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In the midst of Google’s preparations to launch its very own chatbot-integrated search feature — a major push to compete with Microsoft’s ChatGPT-integrated Bing — the search giant has quietly issued some new warnings to publishers who are interested in running AI-generated content.
These warnings pertain to Google’s guidelines for how publishers should handle AI-generated content.
To be more specific, Google is alerting media outlets that the search team will be looking at AI-generated articles pertaining to “health, civic, or financial information” with an increased level of scrutiny. In other words, these are the areas in which you really want to do things correctly.
In the newly released Google FAQ, it is stated that “these challenges occur in both human-generated and AI-generated content.” This is in reference to “AI content that potentially propagates disinformation or violates agreement on crucial topics.”
“However the content is produced, our systems look to surface high-quality information from reliable sources rather than information that contradicts well-established consensus on important topics,” it continues. “This is in contrast to information that suggests alternative viewpoints on controversial issues.” “In areas where the quality of the information is of the utmost significance, such as health, civic, or financial information, our systems place an even higher focus on indications of trustworthiness,”
To Google’s credit, it serves as an appropriate caution.
Google is, without a doubt, the most popular search engine, even taking into account the company’s own participation in the AI arms race. Generative artificial intelligence is already being utilized by large publications to produce content, and the Hustle Bro cult is already encouraging its followers to use the tool that is available to the public for free in order to establish their own personal content mills.
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Google, as one of the preeminent curators of our digital lives, is required to adapt to new technologies that transform the way online content is generated. Generative AI, despite its very obvious shortcomings, is already doing just that, and Google must adapt in order to remain competitive.
Having said that, Google unquestionably has a stake in this conflict due to the fact that it is a stakeholder in the conflict. Given that its own chatbot-infused search has already been shown to be blatantly incorrect — in an advertisement, of all things — it is probably best for it to get ahead of the many problems that are likely to come in a digital landscape packed full of cheap, fast, extremely confident-sounding but often wrong AI content. It seems pretty desperate to keep its head above the waters in the AI market that is led by Microsoft and OpenAI.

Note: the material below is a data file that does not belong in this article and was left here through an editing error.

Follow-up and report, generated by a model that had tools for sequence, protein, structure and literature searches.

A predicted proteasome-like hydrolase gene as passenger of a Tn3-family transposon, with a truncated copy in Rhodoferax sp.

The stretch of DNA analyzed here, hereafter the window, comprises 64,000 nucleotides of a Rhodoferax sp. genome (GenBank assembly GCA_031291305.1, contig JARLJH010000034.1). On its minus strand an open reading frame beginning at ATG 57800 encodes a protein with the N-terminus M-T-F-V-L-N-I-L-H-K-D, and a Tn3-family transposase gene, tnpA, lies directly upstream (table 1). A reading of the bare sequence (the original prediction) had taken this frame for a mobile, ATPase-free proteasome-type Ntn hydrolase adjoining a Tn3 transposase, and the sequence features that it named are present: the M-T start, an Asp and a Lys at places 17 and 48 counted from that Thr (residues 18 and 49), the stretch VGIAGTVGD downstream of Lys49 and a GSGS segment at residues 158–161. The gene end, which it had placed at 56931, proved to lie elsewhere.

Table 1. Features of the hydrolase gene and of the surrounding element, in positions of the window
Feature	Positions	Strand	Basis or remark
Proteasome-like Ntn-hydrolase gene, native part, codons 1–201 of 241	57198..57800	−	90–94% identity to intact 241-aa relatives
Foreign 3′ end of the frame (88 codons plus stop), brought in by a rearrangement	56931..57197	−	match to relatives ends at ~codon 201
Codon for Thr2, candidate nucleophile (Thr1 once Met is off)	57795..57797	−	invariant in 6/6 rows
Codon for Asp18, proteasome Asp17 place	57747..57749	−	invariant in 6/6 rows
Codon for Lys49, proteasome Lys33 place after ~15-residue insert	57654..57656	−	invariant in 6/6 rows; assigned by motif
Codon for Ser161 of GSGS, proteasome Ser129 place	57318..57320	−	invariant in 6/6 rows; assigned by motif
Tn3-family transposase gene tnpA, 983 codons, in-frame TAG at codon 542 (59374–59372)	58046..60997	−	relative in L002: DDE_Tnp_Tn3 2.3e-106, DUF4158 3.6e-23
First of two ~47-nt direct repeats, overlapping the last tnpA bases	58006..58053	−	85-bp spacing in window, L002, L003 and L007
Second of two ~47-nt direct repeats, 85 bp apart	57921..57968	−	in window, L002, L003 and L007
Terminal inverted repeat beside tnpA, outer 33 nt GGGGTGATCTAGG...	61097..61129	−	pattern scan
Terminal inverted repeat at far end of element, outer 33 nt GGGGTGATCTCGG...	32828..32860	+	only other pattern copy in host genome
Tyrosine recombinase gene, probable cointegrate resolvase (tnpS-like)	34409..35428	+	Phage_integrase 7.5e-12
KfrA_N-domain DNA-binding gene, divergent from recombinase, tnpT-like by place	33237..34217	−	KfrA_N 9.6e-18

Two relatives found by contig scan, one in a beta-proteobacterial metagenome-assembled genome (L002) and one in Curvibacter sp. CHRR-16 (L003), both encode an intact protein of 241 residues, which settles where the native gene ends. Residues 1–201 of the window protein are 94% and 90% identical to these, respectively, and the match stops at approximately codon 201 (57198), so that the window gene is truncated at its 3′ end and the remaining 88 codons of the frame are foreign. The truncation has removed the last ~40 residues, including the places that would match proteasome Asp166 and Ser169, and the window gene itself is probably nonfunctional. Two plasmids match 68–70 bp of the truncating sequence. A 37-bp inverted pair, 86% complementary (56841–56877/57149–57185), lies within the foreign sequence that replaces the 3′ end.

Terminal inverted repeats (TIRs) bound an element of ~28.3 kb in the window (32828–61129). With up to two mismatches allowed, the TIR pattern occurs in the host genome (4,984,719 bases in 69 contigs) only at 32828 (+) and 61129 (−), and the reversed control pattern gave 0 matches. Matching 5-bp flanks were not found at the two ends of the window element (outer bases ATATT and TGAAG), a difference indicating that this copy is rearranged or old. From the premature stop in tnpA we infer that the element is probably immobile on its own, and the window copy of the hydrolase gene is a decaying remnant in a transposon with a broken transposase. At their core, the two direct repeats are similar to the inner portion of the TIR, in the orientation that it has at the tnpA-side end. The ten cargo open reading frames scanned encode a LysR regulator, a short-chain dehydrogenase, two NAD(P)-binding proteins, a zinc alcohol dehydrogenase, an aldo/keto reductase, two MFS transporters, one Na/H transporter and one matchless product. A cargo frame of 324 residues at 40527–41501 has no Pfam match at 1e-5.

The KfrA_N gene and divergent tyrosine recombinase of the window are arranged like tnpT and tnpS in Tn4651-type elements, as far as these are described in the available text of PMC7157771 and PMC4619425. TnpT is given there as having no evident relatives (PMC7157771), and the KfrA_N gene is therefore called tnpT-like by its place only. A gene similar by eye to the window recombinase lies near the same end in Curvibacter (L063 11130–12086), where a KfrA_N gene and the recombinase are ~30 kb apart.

To that end, it shouldn’t come as a surprise that Google has identified healthcare and finance as the content of particular concern. This is not only because of the general importance of these areas but also because of the very bleak reality that existing generative AI tools consistently get those types of content wrong. Large Language Models (LLMs) are notoriously terrible with numbers, as evidenced by CNET’s embarrassingly error-ridden AI-generated financial advice. On the other hand, medical professionals have discovered that ChatGPT makes up medical diagnoses and even treatments, and it even includes fake sources for its purported findings.
And in terms of content that is related to politics, a number of professionals have issued warnings that the availability of ChatGPT is well-suited to turn our online world into a propaganda nightmare. To that end, I say, cheers.
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Google, though, suggests that we shouldn’t spend too much time fretting about the situation. After all, they had been engaging in this activity for some time.
According to the newly formulated Frequently Asked Questions (FAQ), “Our focus on the quality of material, rather than how information is produced, is a beneficial guidance that has helped us deliver trustworthy, high-quality results to users for years.”
Noting this, but we are confident that Google will forgive us for having our fair share of concerns, especially taking into account the fact that it is not requiring content providers to mark anything as being generated by AI.
According to what they wrote, “AI or automation disclosures are useful for content where someone would ask, ‘How was this created?'” “Take into consideration including these where doing so would be consistent with reasonable expectations.”
Honor code, y’all. That’s probably going to be true.